Giants

Why Giants' Rule 5 pick Dany Jimenez has decent chance of making roster

Why Giants' Rule 5 pick Dany Jimenez has decent chance of making roster

It was a pitch that probably caught the attention of very few in attendance for Tuesday's blowout loss to the Cubs, but you can bet a few coaches perked up in the dugout.

With a runner on in the seventh, and one run already in, Dany Jimenez threw a 94 mph fastball at the letters to strike out a Cubs prospect and end the threat. That four-seamer up in the zone is something Giants coaches have been working on with the Rule 5 pick all spring, and his ability to throw it for strikes could put him in the bullpen on Opening Day. 

Rule 5 picks are generally interesting because of their status as players who must make the roster, or be sent back to their previous organization, but Jimenez comes with a bit more intrigue because of the camp he entered.
Farhan Zaidi and Gabe Kapler have gone out of their way to describe the organization's upcoming decisions as being based on merit. They wanted a competitive camp, one in which just about every job was up for grabs, especially on the pitching staff. 

But how do you make decisions based purely on results when you're dealing with a Rule 5 pick? It's not like the Giants can just send Jimenez to Triple-A in two weeks if a similar reliever is slightly better this spring. 

"Dany's competition is just demonstrating that he can perform at this level," Kapler said when asked that question earlier this spring. "And some of that comes with executing a game plan. He's really circling back to the things that he is in control of, which is landing two pitches for strikes. One of them is a fastball at the top of the zone and the other one is a breaking ball. If he can manage to do those two things, he's got plenty of stuff. It's really about landing and commanding those pitches."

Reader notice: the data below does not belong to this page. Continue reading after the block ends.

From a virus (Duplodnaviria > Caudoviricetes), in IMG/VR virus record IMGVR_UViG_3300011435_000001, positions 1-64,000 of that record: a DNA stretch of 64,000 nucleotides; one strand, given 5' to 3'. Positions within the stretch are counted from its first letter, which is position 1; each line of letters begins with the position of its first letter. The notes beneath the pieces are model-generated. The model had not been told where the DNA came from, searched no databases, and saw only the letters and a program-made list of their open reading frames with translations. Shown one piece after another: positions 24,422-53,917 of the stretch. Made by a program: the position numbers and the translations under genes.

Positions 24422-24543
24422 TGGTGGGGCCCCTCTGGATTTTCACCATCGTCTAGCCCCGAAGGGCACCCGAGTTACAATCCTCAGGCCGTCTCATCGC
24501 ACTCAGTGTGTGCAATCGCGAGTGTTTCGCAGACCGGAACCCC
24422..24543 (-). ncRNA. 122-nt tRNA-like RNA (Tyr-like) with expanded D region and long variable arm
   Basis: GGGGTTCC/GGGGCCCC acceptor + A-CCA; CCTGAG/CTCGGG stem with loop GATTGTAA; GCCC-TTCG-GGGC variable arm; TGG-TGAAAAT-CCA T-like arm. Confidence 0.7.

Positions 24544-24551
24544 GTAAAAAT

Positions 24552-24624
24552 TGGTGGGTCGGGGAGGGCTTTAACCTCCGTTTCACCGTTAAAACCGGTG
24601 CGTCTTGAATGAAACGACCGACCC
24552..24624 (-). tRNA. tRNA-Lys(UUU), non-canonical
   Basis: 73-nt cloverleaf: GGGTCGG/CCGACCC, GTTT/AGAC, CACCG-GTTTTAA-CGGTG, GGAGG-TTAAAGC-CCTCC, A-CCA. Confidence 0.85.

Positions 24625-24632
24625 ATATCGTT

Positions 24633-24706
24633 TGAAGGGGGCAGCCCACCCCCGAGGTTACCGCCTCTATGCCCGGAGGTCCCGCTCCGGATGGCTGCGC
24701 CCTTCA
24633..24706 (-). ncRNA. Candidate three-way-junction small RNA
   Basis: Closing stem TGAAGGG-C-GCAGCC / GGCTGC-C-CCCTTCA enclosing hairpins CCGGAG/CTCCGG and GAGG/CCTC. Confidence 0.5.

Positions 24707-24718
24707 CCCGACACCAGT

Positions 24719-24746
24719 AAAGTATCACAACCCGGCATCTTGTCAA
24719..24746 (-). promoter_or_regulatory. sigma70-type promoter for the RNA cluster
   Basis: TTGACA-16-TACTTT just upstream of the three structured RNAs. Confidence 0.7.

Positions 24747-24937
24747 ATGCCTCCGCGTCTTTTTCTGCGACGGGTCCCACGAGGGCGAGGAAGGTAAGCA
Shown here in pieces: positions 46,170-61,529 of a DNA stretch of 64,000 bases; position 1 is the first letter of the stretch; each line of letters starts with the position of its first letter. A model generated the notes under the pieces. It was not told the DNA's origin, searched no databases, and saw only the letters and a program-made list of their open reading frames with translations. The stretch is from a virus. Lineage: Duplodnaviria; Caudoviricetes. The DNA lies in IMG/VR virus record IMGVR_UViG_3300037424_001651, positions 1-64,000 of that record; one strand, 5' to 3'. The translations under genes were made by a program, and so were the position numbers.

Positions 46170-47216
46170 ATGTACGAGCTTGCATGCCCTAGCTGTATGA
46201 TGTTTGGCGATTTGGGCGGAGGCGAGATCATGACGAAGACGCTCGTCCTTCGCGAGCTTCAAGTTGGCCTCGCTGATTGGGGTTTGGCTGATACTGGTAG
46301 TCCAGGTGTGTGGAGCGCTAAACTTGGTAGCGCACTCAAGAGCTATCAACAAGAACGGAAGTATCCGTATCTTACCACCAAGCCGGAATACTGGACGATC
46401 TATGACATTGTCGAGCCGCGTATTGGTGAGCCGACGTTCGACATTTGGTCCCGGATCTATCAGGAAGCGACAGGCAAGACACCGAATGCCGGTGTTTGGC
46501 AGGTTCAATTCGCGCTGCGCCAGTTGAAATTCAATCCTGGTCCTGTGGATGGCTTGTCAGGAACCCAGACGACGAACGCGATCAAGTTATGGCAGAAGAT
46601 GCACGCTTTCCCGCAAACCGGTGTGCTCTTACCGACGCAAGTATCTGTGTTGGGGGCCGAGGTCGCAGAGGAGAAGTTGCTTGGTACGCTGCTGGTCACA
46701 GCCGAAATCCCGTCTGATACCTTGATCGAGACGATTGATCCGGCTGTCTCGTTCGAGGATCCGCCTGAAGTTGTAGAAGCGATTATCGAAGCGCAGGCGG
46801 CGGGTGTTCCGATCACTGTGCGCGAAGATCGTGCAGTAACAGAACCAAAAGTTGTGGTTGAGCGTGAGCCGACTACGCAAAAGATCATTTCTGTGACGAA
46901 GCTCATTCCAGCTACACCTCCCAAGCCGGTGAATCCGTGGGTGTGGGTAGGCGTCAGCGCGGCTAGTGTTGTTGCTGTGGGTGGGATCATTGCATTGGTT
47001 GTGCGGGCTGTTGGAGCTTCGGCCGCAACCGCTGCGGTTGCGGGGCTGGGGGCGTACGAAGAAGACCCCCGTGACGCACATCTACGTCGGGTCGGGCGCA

The recent results have been encouraging. Jimenez walked the leadoff batter Tuesday and then gave up a single, but he limited the Cubs to one run and came back out for a perfect eighth. The ability to go multiple innings will be big for the 26-year-old, who has just 25 appearances above A-ball. It would make it a bit easier for the Giants to carry him all year. 

Thus far, Jimenez is doing what he needs to. He has allowed two earned runs on seven hits in seven innings, with one walk and three strikeouts. The command in the zone has been spotty at times, but with a fastball that sits in the mid-90s and a hard curveball that hit 82 mph in a recent outing, Jimenez has the stuff to get big leaguers out. 

The Giants carried Connor Joe and Travis Bergen on Opening Day last year as Rule 5 picks, with Bergen lasting all the way until late August before getting returned to the Blue Jays. With a wide-open bullpen race and an extra roster spot, they can take another chance on a Rule 5 pick. This camp has been about having fair competitions, but there's no doubt that at some point the roster rules come into play. 

[RELATED: Giants won't host A's on March 24]

Just as players with minor league options are punished in a way, Jimenez should be helped by his status, particularly if he keeps throwing strikes. 

"His arm is so lively," Kapler said. "It's really about command in the zone."

Buster Posey misses third Giants workout for personal reasons, per Gabe Kapler

Buster Posey misses third Giants workout for personal reasons, per Gabe Kapler

The Giants went through their sixth day of work at Oracle Park on Thursday. For the third time, the longtime franchise star was not in the building. 

Buster Posey again missed the workout Thursday for personal reasons and "is still working through some things," per manager Gabe Kapler. 

"Buster is still working through a personal issue, and I want to respect his privacy," Kapler said. 

[GIANTS INSIDER PODCAST: Listen to the latest episode]